Marc Bloch

French historian (1886–1944)

Marc Bloch (6 July 1886 – 16 June 1944) was a French historian, soldier and resistance fighter who, together with Lucien Febvre and Henri Hauser, was the co-founder of the enormously influential Annales School of historiography. The author of a variety of books, including his magnum opus The Historian's Craft, which he wrote as a political prisoner prior to his execution by the Gestapo for his work in the French Resistance, Bloch was instrumental to the foundation of the Annales. Histoire, Sciences Sociales journal, and its introduction of interdisciplinary history to twentieth century historiography.

The good historian is like the giant of the fairy tale


  • "The good historian is like the giant of the fairy tale. He knows that wherever he catches the scent of human flesh, there his quarry lies."
    • The Historian's Craft, pg.26
  • "Thenceforth they thought that, rationally concluded, doubt could become an instrument of knowledge."
  • "Successive technological revolutions have immeasurably widened the psychological gap between generations. With some reason, perhaps, the man of the age of electricity and of the airplane feels himself removed from his masters."
    • The Historian's Craft, pg.36
  • "But history is neither watchmaking nor cabinet construction. It is an endeavour toward better understanding."
  • "There is no true understanding without a certain range of comparison."
    • The Historian's Craft, pg.42
  • "Misunderstanding of the present is the inevitable consequence of ignorance of the past. But a man may wear himself out just as fruitlessly in seeking to understand the past, if he is totally ignorant of the present...This faculty of understanding the living is, in very truth, the master quality of the historian."
    • The Historian's Craft, pg.43
  • "The historian is, by definition, absolutely incapable of observing the facts which he examines."
  • For in the last analysis it is human consciousness which is the subject matter of history.
    • The Historian's Craft, pg.151


  • The Poles had fought courageously, but they were outnumbered and outgunned. The most striking thing about the war in the West the following year was that the opposite was true. It was perhaps predictable that the Dutch and Belgians would succumb to superior German forces, but the fall of France within a matter of just six weeks was, as the historian Marc Bloch said, a 'strange defeat'. Even without the support of the British Expeditionary Force, the French forces were superior on paper, an advantage that ought to have been magnified by their fighting a defensive campaign. They had twice the number of wheeled vehicles and 4,638 tanks to the German 4,060. Moreover, French tanks had thicker armour and bigger guns. Yet when the German offensive was launched on May 10, 1940, many units put up only token resistance.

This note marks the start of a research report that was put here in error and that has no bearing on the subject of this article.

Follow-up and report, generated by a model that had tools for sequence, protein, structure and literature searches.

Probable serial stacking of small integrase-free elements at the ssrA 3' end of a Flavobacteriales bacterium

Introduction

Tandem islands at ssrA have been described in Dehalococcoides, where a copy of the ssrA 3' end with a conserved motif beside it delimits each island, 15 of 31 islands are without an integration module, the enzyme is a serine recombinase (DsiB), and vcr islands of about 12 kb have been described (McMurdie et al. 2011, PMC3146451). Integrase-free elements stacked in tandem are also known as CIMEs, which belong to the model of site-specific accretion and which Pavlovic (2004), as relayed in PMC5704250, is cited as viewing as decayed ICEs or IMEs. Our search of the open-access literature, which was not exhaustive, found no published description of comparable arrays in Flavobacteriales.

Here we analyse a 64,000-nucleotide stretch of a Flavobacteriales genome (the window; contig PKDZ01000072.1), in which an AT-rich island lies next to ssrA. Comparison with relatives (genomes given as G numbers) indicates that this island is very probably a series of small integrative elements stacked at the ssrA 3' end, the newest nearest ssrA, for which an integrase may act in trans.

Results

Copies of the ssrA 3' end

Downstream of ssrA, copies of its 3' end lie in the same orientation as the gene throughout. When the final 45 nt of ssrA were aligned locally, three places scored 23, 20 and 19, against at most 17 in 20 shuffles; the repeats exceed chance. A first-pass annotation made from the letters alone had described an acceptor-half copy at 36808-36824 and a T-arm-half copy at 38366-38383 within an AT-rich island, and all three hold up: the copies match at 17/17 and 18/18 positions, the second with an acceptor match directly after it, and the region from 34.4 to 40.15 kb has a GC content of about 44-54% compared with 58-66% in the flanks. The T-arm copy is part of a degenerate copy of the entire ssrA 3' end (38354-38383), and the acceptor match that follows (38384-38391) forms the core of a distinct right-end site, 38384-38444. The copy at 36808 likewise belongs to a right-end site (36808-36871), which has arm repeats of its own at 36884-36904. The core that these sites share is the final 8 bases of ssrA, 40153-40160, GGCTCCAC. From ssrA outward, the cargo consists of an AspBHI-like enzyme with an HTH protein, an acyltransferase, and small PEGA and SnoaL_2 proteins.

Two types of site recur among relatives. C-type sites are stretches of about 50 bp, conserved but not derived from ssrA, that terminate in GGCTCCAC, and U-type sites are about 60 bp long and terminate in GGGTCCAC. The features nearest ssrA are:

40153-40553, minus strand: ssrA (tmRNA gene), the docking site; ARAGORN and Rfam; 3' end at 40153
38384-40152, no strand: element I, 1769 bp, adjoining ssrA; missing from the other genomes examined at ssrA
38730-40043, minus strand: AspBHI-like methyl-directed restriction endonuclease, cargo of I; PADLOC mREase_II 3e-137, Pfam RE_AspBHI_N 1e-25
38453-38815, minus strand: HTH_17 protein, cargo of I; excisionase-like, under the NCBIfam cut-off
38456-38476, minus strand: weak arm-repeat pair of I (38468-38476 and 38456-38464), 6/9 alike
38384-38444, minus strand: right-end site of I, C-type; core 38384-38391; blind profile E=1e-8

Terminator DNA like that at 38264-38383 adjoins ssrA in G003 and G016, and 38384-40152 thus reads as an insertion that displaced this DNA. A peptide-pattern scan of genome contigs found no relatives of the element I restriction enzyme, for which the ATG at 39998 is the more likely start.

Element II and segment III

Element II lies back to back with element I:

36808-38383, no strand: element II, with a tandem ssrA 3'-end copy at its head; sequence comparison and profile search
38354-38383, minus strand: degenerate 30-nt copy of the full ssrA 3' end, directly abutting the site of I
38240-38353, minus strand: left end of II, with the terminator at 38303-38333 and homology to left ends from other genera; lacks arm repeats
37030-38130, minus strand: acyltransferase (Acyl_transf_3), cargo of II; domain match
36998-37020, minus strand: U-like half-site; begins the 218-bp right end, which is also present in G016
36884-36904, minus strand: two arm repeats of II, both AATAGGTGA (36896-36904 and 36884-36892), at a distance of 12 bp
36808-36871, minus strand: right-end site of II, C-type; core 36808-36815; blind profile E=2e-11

• Niall Ferguson, The War of the World: Twentieth-Century Conflict and the Descent of the West (2006), pp. 387-388
  • Marc Bloch agreed that the débâcle was due at least in part to the abysmal quality of French generalship. A decisive factor was the German decision to switch the direction of their main attack from Luxembourg and the Low Countries, as Hitler had originally planned, to the line running between Liège and Namur, through the supposedly impenetrable forests of the Ardennes. The French would have fared better against the original strategy; they were wholly taken by surprise when five panzer divisions thrust their way through the Ardennes and captured the bridges over the River Meuse. Thereafter, their reactions were culpably slow or inept. Yet what happened in 1940 was more than just a military failure. At root, as Bloch argued, it was a collapse of morale.
    • Niall Ferguson, The War of the World: Twentieth-Century Conflict and the Descent of the West (2006), p. 389
  • "Marc Bloch has been a source of way to give some indicaion of my reaction to his work is to provide my thoughts in different decades to his work for...he meant something different to me in different phases of my work and my understanding of what he was saying has shifted considerably."



"Marc Bloch and the Historian's Craft," by Alan Macfarlane

  •   Encyclopedic article on Marc Bloch on Wikipedia
  •   Media related to Marc Bloch on Wikimedia Commons